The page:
25. 25. How a Web Server Works <ul><li>What a Web server is </li></ul><ul><ul><li>Software program that runs on a host computer </li></ul></ul><ul><ul><ul><li>And delivers files over the Internet </li></ul></ul></ul><ul><ul><li>Lets you publish Hypertext Markup Language (HTML) documents </li></ul></ul><ul><ul><li>Can also distribute many other types of files </li></ul></ul><ul><ul><li>Must be physically connected to a TCP/IP-based network </li></ul></ul>
  26. 26. How a Web Server Works (continued) <ul><li>How a Web server labels content types </li></ul><ul><ul><li>Web browser relies on a Multipurpose Internet Mail Extension (MIME) header </li></ul></ul><ul><ul><ul><li>To correctly identify and display document types </li></ul></ul></ul><ul><ul><li>More than 360 MIME types are included with the Apache Web server </li></ul></ul><ul><li>URL components </li></ul><ul><ul><li>Protocol, such as http://, https://, ftp:// </li></ul></ul><ul><ul><li>Domain, can be divided into two parts </li></ul></ul><ul><ul><li>Resource, specifies full path to the resource </li></ul></ul>
  27. 27. How a Web Server Works (continued) <ul><li>How a Web server delivers content </li></ul><ul><ul><li>Web server works in a client-server relationship </li></ul></ul><ul><ul><ul><li>Client programs are usually Web browsers </li></ul></ul></ul><ul><ul><li>Client program requests information </li></ul></ul><ul><ul><ul><li>Apache then delivers the actual resource </li></ul></ul></ul><ul><ul><li>HTML pages can be stored in a directory </li></ul></ul><ul><ul><li>Requests and transfers use HTTP </li></ul></ul><ul><ul><ul><li>Which is part of the TCP/IP suite of protocols </li></ul></ul></ul><ul><ul><li>Commands and data are passed to port 80 </li></ul></ul><ul><ul><ul><li>Through a TCP connection </li></ul></ul></ul>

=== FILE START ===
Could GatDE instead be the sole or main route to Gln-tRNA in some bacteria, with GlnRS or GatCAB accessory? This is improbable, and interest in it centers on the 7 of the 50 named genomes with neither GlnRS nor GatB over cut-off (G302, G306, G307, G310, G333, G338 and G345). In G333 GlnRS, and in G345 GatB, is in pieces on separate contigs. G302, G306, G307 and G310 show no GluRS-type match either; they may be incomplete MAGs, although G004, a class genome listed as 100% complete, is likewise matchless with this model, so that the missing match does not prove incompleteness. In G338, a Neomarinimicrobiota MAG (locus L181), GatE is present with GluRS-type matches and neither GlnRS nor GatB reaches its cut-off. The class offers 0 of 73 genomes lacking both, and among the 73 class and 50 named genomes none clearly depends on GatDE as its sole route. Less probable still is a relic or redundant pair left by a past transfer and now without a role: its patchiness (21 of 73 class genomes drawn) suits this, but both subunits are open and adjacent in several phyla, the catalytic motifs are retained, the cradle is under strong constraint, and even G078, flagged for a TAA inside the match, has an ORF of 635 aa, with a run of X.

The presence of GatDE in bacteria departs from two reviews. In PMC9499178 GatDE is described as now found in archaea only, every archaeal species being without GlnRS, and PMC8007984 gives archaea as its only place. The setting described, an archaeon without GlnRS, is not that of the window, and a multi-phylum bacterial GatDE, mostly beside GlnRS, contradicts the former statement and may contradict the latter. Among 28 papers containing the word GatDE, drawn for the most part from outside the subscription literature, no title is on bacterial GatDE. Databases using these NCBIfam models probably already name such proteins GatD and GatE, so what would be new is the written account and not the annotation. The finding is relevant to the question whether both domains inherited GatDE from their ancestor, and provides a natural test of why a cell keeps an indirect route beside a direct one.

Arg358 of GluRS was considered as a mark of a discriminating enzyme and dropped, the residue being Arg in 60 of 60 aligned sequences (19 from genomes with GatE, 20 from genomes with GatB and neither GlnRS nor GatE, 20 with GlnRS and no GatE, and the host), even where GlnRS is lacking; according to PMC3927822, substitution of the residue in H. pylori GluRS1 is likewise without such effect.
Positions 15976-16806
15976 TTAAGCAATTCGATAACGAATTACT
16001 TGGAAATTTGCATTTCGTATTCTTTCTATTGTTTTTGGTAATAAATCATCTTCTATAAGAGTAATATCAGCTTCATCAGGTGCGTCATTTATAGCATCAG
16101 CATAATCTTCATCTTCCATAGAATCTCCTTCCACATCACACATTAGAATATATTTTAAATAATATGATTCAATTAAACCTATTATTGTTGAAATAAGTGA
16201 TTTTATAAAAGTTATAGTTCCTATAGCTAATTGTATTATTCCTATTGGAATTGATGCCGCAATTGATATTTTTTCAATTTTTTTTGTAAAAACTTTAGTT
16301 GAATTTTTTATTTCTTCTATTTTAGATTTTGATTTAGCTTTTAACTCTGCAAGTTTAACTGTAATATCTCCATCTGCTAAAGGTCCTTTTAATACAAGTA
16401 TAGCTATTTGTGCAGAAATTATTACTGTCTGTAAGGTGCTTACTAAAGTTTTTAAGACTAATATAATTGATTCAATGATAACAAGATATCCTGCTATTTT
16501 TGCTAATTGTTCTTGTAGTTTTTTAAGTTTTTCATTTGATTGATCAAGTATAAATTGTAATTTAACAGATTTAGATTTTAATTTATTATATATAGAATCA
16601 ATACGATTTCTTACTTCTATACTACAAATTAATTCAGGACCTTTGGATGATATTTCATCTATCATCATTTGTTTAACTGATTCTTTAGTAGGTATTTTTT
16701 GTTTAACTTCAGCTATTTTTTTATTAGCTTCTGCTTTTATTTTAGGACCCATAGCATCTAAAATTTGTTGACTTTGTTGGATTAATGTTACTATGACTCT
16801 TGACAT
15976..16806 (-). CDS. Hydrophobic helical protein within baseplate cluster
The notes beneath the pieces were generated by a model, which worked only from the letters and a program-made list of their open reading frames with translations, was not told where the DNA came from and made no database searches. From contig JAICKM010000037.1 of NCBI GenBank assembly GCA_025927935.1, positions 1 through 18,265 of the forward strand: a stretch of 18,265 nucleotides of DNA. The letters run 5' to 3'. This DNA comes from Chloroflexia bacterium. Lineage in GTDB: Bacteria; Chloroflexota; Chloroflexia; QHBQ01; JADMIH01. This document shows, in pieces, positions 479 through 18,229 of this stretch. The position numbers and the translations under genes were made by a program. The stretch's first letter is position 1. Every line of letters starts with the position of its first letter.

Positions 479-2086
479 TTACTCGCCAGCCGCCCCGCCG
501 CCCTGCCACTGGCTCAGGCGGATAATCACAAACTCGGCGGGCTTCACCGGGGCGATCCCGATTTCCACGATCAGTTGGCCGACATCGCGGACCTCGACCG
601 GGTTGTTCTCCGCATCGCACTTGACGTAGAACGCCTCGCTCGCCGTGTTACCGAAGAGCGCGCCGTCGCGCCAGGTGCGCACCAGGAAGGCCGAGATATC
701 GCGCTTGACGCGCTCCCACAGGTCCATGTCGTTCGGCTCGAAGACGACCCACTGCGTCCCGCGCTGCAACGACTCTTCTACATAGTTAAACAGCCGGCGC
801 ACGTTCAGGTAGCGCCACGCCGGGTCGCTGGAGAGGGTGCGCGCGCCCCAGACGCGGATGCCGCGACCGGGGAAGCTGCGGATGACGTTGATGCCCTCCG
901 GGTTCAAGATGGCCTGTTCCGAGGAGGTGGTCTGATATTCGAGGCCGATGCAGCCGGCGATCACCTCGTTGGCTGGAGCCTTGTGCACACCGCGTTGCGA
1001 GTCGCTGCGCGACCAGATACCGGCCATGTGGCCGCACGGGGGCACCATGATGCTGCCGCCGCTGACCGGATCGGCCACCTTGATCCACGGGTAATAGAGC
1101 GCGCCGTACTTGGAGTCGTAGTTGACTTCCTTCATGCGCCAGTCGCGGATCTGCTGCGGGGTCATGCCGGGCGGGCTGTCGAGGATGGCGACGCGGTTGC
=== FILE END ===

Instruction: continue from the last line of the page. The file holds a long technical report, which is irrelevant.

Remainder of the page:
28. 28. Apache and SUSE Linux Enterprise Server <ul><li>Installation of Apache packages </li></ul><ul><ul><li>Basic installation, select package apache2 </li></ul></ul><ul><ul><li>Multiprocessing, install apache2-prefork or apache2-worker </li></ul></ul><ul><ul><li>Documentation, install apache2-doc </li></ul></ul><ul><ul><li>Development and compilation, install apache2-devel </li></ul></ul><ul><li>Activating Apache </li></ul><ul><ul><li>Activate it in the runlevel editor </li></ul></ul><ul><ul><li>Test Apache entering http://localhost/ in a Web browser </li></ul></ul>
  29. 29. Apache and SUSE Linux Enterprise Server (continued) <ul><li>Storing Web resource files for Apache </li></ul><ul><ul><li>Static Web pages </li></ul></ul><ul><ul><ul><li>Place your files in /srv/www/htdocs/ </li></ul></ul></ul><ul><ul><li>Custom CGI scripts </li></ul></ul><ul><ul><ul><li>Store custom CGI scripts in /srv/www/cgi-bin/ </li></ul></ul></ul><ul><ul><li>Log files </li></ul></ul><ul><ul><ul><li>Apache writes log messages to /var/log/apache2/access_log </li></ul></ul></ul>
  30. 30. Apache and SUSE Linux Enterprise Server (continued) <ul><li>Expanding Apache functionality </li></ul><ul><ul><li>Apache can execute CGI scripts in diverse programming languages </li></ul></ul><ul><ul><li>There are modules for secure data transmission </li></ul></ul><ul><ul><li>In Apache2 almost everything is handled by means of modules </li></ul></ul><ul><ul><li>Apache 2 does not necessarily need to be a Web server </li></ul></ul><ul><ul><ul><li>There is a proof-of-concept POP3 server module based on Apache </li></ul></ul></ul>
  31. 31. Apache and SUSE Linux Enterprise Server (continued) <ul><li>Security guidelines for Apache Web server </li></ul><ul><ul><li>Limit unneeded servers </li></ul></ul><ul><ul><li>Limit access to DocumentRoot </li></ul></ul><ul><ul><li>Specify subdirectories for user Web content </li></ul></ul><ul><ul><li>Keep updated on vulnerabilities </li></ul></ul>